• Dark Blue Nine

        “NASA authorization bills are generally for three years. So, in fact, the Auth bill would come before at least a few Approps bills if it wasn’t available in the first year.”

        That wasn’t my point. My point is that the authorizers couldn’t get a bill passed last year and are now relying on last year’s appropriations to set authorized budget levels for the next three years. That’s backwards. Authorizers can’t set policy if all they’re doing is following last year’s appropriators. There’s no point to the authorizers’ existence if they let the appropriators set both policy and budget.

        The authorizers are impotent. They need to get their act together or Congress should do away with their committees as they relate to NASA.

        “But Auth provides long-range and detailed guidance for that money that survives new elections.”

        I’d question this historically. The authorizers stood behind Griffin’s Constellation, but Congress still voted overwhelmingly to terminate it a half decade later after a change in Administration. MPCV/SLS is on the same path. Maybe they’re needed for FAA launch and space flight regs, but the authorizers have no effective purpose when it comes to NASA programmatics.

        • James

          The power and prestige go to those on the appropriations committees. Because that is where the money is and that is the real target of lobbyist money too. Hence the indifference to when an authorization bill gets crafted – if at all

        • Hiram

          “I’d question this historically. The authorizers stood behind Griffin’s Constellation, but Congress still voted overwhelmingly to terminate it a half decade later after a change in Administration.”

          I don’t believe that’s the history. The Augustine panel declared Constellation unviable in October 2009. While the NASA 2008 Auth bill had endorsed Constellation enthusiastically, that endorsement by the authorizers disappeared in the 2010 Auth bill (passed in October 2010). The authorizers no longer stood behind it. But at that time, Constellation spending was still mandated by the FY2010 Consolidated Appropriations Act (December 2009). Money was still shooting at Constellation. It took the Continuing Resolution Approps bill in February 2011 to actually cancel Constellation funding. So Constellation was formally terminated by the appropriators four months AFTER the authorizers removed their support for it.

          As to “power and prestige” going to Approps, yep, because that’s where the dollars show up AND that’s the committee that used to have earmarks to play with. They really aren’t as powerful as they used to be, now that formal earmarking isn’t permitted. Also, lobbyists are judged by their 1-year performance on dollar flow. But Congress understands very well that appropriating money that hasn’t been authorized is dangerous and somewhat sleazy. It’s forking over money without real foresight.

          • Gary Miles

            You seem to forget that for the 1st Congressional term under President Obama was in control of the Democrats in both House and Senate. The changes were in fact debated vigorously at the time when the new FY 2011 NASA was released in February 2010 essentially killing the Constellation program. SLS became the compromise.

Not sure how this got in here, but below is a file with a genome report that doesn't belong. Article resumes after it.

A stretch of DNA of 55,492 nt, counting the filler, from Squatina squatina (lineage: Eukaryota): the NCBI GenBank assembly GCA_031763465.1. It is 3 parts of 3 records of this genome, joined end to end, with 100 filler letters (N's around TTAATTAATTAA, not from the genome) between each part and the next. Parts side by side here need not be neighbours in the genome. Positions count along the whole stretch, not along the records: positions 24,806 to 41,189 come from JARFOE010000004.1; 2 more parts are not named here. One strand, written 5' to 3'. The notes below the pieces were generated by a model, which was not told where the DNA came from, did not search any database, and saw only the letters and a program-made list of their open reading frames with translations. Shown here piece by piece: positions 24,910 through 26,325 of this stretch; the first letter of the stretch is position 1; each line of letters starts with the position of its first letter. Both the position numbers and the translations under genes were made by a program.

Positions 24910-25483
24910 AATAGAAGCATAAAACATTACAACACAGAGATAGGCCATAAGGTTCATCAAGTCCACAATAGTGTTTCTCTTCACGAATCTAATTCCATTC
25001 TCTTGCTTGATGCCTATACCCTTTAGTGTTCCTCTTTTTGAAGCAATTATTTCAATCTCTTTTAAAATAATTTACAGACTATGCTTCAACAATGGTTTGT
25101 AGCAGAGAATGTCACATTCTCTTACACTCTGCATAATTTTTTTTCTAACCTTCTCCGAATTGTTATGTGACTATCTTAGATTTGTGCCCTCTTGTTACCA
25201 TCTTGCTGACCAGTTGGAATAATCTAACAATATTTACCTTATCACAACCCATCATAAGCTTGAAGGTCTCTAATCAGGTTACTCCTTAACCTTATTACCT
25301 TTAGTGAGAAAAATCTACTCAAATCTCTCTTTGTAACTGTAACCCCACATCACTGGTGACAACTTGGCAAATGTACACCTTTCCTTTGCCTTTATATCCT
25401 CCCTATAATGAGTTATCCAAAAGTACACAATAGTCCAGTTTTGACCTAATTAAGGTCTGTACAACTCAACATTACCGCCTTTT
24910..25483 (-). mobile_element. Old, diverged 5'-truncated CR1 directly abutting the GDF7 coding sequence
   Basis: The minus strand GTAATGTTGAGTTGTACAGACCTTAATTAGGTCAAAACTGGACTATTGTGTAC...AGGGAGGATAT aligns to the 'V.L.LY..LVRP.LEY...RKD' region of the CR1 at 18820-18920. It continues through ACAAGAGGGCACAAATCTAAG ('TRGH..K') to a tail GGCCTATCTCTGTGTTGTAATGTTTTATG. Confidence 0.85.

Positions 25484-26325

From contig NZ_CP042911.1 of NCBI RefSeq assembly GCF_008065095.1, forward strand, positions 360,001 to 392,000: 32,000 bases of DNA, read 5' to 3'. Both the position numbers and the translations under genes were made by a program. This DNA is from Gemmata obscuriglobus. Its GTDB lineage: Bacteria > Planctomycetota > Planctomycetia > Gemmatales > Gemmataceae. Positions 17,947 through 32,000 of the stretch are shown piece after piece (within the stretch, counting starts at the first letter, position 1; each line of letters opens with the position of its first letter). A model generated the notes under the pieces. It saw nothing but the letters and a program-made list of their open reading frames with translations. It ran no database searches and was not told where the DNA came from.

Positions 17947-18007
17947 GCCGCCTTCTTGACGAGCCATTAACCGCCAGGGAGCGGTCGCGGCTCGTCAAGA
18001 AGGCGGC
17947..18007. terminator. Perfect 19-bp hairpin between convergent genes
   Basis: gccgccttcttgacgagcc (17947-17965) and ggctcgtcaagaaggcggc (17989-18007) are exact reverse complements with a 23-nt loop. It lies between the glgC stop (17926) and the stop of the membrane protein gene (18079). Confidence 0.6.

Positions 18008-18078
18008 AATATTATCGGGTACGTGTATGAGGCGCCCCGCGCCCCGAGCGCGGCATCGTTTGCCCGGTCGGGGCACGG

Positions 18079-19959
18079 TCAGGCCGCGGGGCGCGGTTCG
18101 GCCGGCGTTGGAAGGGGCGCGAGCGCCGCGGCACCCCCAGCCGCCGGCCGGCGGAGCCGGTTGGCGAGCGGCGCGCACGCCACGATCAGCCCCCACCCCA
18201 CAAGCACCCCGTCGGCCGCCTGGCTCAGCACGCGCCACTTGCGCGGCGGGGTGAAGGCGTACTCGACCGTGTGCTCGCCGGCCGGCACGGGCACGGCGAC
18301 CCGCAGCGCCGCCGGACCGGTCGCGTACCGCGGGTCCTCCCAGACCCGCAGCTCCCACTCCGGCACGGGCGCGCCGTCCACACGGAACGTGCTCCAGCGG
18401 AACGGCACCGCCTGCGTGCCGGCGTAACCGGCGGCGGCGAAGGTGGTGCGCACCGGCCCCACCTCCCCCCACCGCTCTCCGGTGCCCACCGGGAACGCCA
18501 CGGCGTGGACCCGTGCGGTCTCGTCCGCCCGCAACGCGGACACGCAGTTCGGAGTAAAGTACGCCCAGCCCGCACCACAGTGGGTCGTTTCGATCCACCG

• Hiram

              I don’t think this is relevant to the question. The question was how synchronized Auth and Approps were on Constellation.

            • Vladislaw

              Wrong, the Senate never had 60 democrat votes. The Minnesota Senate race was contested by Norm Colman so the seat wasn’t filled by the time an additional democratic seat was lost, they never hit 60.

              • Gary Miles

                Vladislaw, the Democrats had majority control of the Senate with 58 Democrats and 1 Independent which means that they controlled what legislation came to the floor and got passed. Not every legislation required 60 votes to get passed. Senator Jay Rockefeller sponsored the NASA Authorization of 2010 which set in motion the heavy lift development program that resulted in NASA selecting the current SLS system the following September 2011.

  • Egad

    Is it possible that lack of an authorization bill is a factor in the non-appearance of the SLS Key Decision Point C? I.e., would the constraints contained in the bill be necessary for NASA to formulate the SLS program plan/budget that, AIUI, is a part of KDP-C?

    • Coastal Ron

      Egad said:

      Is it possible that lack of an authorization bill is a factor in the non-appearance of the SLS Key Decision Point C?

      I hadn’t thought of that, and I had to go look up what the SLS Key Decision Point C is. Apparently there are three key documents prepared in advance of KDP-C:

      - The Program Commitment Agreement (PCA)
      - The Program Plan
      - The lifecycle cost estimate

      From another article:

      The lifecycle cost estimate “forms the basis of the Agency’s external commitment to OMB [the White House Office of Management and Budget] and Congress,” according to NPR 7120.5E. In essence, this estimate defines the budget for the rest of the SLS development.

      So apparently this would be very relevant to the NASA budget, especially if the budget profile exceeds expectations (on the high side of course).